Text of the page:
The diet of the cockatiel consists primarily of seeds (2) (3) (4) (5) (8), although it also takes berries, other fruits and sometimes nectar (3). This species also feeds on crops such as sorghum, wheat and sunflowers, and is considered an agricultural pest in some areas (2) (3) (4) (8). The cockatiel typically forages on the ground, but also in shrubs and trees (3) (5). It uses its strong beak and muscular tongue to manipulate seeds and remove their husks (3).

Although the cockatiel may breed at any time of year after heavy rains (3) (5), breeding usually occurs between April and July in the north of its range, and August to December in the south (2). The cockatiel’s nest consists of a hollow in a tree (2) (3) (5), lined only with wood dust (2). This species’ long tail prevents it from turning around in the hollow, so it enters it tail-first (3) (5).

Cockatiel pairs form strong bonds and may mate for life (3). The female cockatiel lays up to 7 eggs (2) (3), which are incubated by both adults for 17 to 23 days (3). The young cockatiels leave the nest at about three to four weeks old, and remain with the adults for about another month (2). Male cockatiels develop their yellow facial markings at about six months old, but this species does not reach sexual maturity until about two to three years old. The cockatiel may raise up to 2 broods a year, and potentially lives for up to 20 years in the wild (3).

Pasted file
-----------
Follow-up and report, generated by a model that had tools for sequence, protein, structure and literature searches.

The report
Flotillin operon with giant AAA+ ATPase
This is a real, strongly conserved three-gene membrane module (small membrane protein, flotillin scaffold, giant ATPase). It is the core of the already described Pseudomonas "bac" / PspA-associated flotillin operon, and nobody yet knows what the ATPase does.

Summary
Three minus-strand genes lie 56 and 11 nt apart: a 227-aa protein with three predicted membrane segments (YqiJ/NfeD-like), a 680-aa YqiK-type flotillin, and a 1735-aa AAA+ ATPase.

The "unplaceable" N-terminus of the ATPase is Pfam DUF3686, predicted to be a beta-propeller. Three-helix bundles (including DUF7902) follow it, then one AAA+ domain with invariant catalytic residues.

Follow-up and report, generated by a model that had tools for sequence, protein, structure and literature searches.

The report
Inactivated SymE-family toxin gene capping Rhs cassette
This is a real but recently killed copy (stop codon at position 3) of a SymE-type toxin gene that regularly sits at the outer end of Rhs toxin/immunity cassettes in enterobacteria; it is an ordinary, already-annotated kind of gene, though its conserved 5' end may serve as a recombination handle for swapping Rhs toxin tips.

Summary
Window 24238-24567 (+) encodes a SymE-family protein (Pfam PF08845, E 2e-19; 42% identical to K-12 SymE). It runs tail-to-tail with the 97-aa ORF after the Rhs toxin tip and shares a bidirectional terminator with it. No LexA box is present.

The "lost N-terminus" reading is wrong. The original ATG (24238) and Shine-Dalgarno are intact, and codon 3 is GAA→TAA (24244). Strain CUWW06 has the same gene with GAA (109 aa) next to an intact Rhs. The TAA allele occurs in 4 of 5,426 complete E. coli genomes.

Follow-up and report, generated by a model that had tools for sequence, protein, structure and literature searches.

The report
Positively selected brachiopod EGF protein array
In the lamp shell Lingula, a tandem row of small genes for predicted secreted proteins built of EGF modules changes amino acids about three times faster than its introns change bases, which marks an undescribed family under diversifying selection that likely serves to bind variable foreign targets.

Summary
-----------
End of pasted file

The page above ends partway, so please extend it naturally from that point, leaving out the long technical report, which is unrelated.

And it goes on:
The cockatiel is common and widespread, and is not currently considered to be at risk of extinction (7). This species may have benefitted from the spread of farming in Australia, due to the clearing of woodland and the provision of artificial water sources in arid areas (2) (4) (8).

Second only to the budgerigar (Melopsittacus undulatus) in popularity as a pet bird (3), the cockatiel has been bred in a number of colour varieties in captivity (6). However, it is easy to breed in captivity and so is not regularly taken from the wild (3).

In some areas, the cockatiel may be killed due to its crop-raiding habits, but in other parts of Australia this species is protected by law (3). There are no other specific conservation measures currently known to be in place for this small cockatoo. However, some studies have investigated ways to reduce the damage that the cockatiel can do to crops, for example by planting a more attractive but less valuable ‘decoy crop’ nearby (8).

Find out more about the cockatiel and its conservation:

More information on conservation in Australia:

This information is awaiting authentication by a species expert, and will be updated as soon as possible. If you are able to help please contact:
arkive@wildscreen.org.uk

  1. IUCN Red List (October, 2012)
    http://www.iucnredlist.org/
  2. Juniper, T. and Parr, M. (1998) Parrots: A Guide to Parrots of the World. Pica Press, Sussex.
  3. International Masters Publishing (2007) The Encyclopedia of Birds. Facts on File, Inc., New York.
  4. Cameron, M. (2007) Cockatoos. CSIRO Publishing, Collingwood, Australia.
  5. Birds in Backyards - Cockatiel (October, 2012)
    http://www.birdsinbackyards.net/species/Nymphicus-hollandicus
  6. Forshaw, J.M. (2010) Parrots of the World. Princeton University Press, Princeton, New Jersey.
  7. BirdLife International - Cockatiel (October, 2012)
    http://www.birdlife.org/datazone/speciesfactsheet.php?id=1409
  8. Jones, D. (1987) Feeding ecology of the cockatiel, Nymphicus hollandicus, in a grain-growing area. Australian Wildlife Research, 14: 105-115.